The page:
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From haka to hockey: Love of the game in the most unlikely places on Earth

Jared Clinton
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(via YouTube) Author: The Hockey News

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From haka to hockey: Love of the game in the most unlikely places on Earth

Jared Clinton
By:

The haka has become a part of popular culture thanks to the New Zealand All Blacks rugby team, but the country’s U20 Div. 3 men’s hockey team brought the tradition to the ice. Watch as they perform the traditional dance before they take on the South Africans.

The New Zealand All Blacks made the haka part of popular culture. The traditional dance has been a fixture of the rugby squad’s games for over 100 years. Haka have been seen in basketball, soccer, and now, thanks to New Zealand’s U20 hockey team, in hockey.

Before taking on South Africa at the IIHF U20 Div. 3 tournament, being held in Dunedin, New Zealand, the New Zealanders removed their helmets and gloves, approached the red line performing the dance, while the South African squad refused to back down, staring right into the eyes of their opponents.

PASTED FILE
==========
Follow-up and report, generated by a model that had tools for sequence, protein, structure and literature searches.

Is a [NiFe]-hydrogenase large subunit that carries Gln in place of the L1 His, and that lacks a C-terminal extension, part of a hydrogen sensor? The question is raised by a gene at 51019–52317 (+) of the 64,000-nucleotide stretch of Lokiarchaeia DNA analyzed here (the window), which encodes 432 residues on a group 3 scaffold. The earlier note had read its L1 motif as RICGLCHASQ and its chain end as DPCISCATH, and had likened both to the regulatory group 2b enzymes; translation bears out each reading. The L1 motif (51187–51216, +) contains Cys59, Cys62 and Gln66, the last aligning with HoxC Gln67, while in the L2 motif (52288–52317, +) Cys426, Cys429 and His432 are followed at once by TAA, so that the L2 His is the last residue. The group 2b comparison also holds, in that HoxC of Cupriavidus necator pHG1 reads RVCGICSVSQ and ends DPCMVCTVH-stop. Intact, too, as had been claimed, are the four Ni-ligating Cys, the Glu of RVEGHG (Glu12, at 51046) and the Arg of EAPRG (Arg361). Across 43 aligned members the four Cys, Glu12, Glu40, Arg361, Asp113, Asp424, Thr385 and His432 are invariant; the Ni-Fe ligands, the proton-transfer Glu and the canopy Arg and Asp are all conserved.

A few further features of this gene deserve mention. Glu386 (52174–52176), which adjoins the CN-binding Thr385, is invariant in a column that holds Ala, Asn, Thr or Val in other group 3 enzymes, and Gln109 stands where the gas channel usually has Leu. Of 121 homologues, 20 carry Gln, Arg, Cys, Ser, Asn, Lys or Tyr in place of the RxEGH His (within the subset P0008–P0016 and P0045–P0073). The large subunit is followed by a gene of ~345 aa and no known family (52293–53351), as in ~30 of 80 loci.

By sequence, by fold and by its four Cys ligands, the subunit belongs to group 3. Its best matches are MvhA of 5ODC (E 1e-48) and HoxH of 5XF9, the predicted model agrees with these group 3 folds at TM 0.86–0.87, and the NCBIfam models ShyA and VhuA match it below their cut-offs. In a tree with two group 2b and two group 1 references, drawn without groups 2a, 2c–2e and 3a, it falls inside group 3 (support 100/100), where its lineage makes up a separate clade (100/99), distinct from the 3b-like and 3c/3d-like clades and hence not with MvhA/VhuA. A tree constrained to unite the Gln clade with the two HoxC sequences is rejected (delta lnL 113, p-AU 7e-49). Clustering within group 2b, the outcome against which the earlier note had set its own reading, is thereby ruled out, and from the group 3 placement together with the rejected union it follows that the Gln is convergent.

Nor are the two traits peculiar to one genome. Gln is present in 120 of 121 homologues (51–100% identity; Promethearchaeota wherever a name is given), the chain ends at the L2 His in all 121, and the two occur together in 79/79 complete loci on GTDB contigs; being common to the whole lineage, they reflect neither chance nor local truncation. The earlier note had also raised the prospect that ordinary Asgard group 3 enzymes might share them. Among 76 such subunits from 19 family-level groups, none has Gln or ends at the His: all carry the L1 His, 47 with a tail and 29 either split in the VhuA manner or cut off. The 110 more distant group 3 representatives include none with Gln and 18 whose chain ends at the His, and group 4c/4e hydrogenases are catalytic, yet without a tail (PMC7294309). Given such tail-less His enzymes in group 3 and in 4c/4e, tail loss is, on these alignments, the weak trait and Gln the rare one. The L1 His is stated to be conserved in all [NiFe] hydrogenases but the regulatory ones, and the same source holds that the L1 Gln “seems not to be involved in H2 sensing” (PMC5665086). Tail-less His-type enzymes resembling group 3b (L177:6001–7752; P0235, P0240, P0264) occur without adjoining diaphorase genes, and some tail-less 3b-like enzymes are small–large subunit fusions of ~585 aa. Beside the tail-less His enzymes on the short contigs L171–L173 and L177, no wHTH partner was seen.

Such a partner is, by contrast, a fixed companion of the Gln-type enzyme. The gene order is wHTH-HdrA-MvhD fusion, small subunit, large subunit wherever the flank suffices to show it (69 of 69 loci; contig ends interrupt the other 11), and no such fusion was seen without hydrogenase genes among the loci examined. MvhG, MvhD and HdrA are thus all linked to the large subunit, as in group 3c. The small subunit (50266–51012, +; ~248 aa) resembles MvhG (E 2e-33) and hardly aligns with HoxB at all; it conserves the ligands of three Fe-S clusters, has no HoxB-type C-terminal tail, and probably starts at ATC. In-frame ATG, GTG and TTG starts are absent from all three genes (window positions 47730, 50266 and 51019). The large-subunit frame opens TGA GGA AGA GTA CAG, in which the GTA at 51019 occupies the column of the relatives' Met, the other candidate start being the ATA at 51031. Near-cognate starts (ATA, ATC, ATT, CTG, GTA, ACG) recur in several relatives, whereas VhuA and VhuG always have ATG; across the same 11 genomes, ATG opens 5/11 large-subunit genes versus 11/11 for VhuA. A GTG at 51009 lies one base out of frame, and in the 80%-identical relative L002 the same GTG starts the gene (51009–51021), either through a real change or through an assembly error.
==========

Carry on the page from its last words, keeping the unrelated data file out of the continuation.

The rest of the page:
The Lachlan Frear-led haka seemingly worked wonders for the 2013-14 silver medal winning New Zealand as they toppled South Africa 5-1 in their first game of the tournament. New Zealand’s men’s national team is the 37th ranked program in the world, and last captured U20 Div. 3 gold in 2008.

And on a day when non-traditional nations such as Mexico, China, and Turkey also took the ice for their first games at the tournament, Chris Kibui, the creator of Hockey Tutorial, posted a brand new video showing how a group of young men in Kenya show their dedication to hockey.

The five minute short documentary is inspiring and proof that the game’s reach knows no bounds. Playing ice and inline hockey, the men who speak in the video each reveal what hockey means to them and why they want to keep that passion alive. It’s incredible to see the dedication these men show to the sport. Seeing how they continually travel to the only place ice hockey can be played just so to fit in a little bit of ice time is an inspiring thing.

If there was any further proof needed that hockey isn’t just a Canadian game any longer, these two videos can stand as exhibit A and exhibit B.

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From haka to hockey: Love of the game in the most unlikely places on Earth